Fátima A. Avellán said...

Youth organizing and out-reach is definitely one of my favorite topics, super happy you wrote about this and its importance and relevance to Isaan. First, after having the exchange with the NGO P’Mieu (also the one and only female NGO we’ve exchanged with) it was tight knowing that communities in the US aren’t the only ones who are focused on organizing and reaching out to youths, especially through media. I remember working at a community-based organization (CBO) in Boyle Heights (East Los Angeles) last semester and having a conversation with a community leader who stated, “I want to see more youths from around here attending these meetings. Plus, we need them to teach us older folk about the internet and other resources.” Basically, youth involvement will not only be beneficial to maintain the community’s culture, history and movement sustainability, but also strengthen movements by the knowledge youth (with the privilege of internet access and literacy) can share about social media and the internet. Plus, this nurtures a sense of community and bridges the gap between the youth and those of elder generations, not only in small villages in Thailand but also in every place organizing for their communities needs, all of which gives community organizing a stronger impact.

brennkelly said...

I loved that in this post you touched upon the handing down of organization. In Meh Si's case she was not originally a part of this movement rather her mother was and now she is involved and plans on doing the same with her daughter. Visiting villages it's so common to see that missing generation that goes off to work in Bangkok so it's refreshing to read and hear about the youth being incorporated into the organizations in communities.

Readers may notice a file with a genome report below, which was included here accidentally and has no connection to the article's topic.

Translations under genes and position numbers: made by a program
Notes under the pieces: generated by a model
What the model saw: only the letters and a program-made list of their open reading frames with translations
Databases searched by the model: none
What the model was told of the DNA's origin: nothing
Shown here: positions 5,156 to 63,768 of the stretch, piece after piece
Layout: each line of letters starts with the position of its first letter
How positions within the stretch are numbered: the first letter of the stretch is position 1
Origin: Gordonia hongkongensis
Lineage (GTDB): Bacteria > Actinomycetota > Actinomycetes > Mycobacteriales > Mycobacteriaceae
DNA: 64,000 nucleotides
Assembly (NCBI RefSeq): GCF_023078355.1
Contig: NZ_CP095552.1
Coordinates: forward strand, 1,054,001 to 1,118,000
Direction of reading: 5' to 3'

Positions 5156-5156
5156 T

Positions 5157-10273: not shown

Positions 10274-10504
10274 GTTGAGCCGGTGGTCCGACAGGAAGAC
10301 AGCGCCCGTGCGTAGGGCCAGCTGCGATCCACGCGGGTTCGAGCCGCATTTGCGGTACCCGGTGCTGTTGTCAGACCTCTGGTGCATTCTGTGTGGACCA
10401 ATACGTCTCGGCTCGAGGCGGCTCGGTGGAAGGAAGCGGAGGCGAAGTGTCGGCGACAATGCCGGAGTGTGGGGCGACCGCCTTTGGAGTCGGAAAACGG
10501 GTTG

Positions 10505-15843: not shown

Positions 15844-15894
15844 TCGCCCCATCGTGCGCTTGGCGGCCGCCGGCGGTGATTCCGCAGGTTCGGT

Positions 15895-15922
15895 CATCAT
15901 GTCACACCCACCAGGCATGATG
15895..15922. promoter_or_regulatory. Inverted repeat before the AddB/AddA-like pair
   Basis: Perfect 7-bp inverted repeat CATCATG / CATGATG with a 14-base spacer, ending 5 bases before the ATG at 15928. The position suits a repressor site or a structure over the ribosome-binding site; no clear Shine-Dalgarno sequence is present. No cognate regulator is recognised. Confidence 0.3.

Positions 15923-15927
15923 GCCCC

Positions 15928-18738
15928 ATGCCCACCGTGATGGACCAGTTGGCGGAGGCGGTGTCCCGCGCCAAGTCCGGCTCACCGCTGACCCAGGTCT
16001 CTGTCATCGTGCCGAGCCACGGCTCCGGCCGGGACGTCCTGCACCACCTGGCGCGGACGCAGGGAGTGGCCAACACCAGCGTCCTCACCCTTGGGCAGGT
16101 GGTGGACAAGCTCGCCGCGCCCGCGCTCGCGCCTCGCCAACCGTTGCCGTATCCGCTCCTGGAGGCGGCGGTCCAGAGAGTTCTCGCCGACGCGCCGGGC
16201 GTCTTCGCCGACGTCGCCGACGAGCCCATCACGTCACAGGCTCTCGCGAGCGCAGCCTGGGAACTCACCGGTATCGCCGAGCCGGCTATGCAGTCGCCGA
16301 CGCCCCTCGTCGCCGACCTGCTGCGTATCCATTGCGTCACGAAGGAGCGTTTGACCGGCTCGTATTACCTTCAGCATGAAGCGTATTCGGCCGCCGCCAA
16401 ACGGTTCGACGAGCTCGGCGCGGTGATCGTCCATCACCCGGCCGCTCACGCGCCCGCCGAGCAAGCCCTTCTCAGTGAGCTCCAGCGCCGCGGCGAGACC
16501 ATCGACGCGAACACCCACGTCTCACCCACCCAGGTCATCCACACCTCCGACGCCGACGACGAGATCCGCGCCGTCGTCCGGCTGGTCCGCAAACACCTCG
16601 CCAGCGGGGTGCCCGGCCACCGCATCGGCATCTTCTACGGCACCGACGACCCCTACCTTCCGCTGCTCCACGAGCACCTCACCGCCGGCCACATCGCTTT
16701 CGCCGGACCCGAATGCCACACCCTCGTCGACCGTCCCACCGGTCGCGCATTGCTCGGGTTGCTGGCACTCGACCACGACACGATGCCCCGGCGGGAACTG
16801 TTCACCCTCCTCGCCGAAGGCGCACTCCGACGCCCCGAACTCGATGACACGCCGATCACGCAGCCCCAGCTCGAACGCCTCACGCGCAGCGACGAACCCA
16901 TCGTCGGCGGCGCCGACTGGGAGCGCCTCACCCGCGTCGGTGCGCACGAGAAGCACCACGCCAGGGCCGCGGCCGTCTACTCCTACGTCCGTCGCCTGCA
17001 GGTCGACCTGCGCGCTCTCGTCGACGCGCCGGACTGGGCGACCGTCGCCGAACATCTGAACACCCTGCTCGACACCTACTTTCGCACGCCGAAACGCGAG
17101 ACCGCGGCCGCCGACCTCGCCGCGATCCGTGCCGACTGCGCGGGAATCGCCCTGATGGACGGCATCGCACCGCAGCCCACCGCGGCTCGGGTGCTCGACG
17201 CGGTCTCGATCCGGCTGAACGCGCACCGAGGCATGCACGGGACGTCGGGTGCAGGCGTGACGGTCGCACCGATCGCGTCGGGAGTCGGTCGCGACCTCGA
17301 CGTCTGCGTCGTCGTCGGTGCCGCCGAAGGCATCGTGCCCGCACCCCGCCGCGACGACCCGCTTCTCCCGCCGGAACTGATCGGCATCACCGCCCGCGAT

Coral Keegan said...

I liked how you talked specifically about Mae Si and her handicraft initiative. In my mind, she is such an integral member of the Rasi Salai community because of her drive to reinstate self-sufficiency. In addition, her determination to educating the next generation is extremely important in Rasi's strength as a community, continuing into the future.

I feel that the Green Market will also be a good step towards regaining some of the self-sufficiency that Rasi Salai lost when the Rasi dam was built. However, as Thailand continues to develop I do not think that complete self-sufficiency will be possible for many communities. Rasi may lead as an example of a community that is able to have some self-sufficiency while still taking part in the general economy.

Anonymous said...

It is very interesting to me how the communities of rasi salai have adapted to life with the dam. To me, it seems as if they are moving on from being destroyed by the dam, to focusing their efforts on more constructive efforts—helping huana fight their dam, and working on a green market. In adapting, however, many of the villagers now use the water from the dam to irrigate their fields, which my Mae in Rasi Salai saw as a great benefit to having the dam. She explained to me how she saw the construction of the dam as both good and bad—good in that there was water accessible even in the dry season, thus increasing their rice production, and bad in that they cannot collect food from the wetland any more, and they cannot have any animals. I feel it is a sign of strength of a community to be able to continue preserving what they can of their culture, even though so much of it was destroyed by development. I love that Mae Si continues making her traditional crafts, as that is something that cannot be taken away by the construction of the dam, and destruction of their village.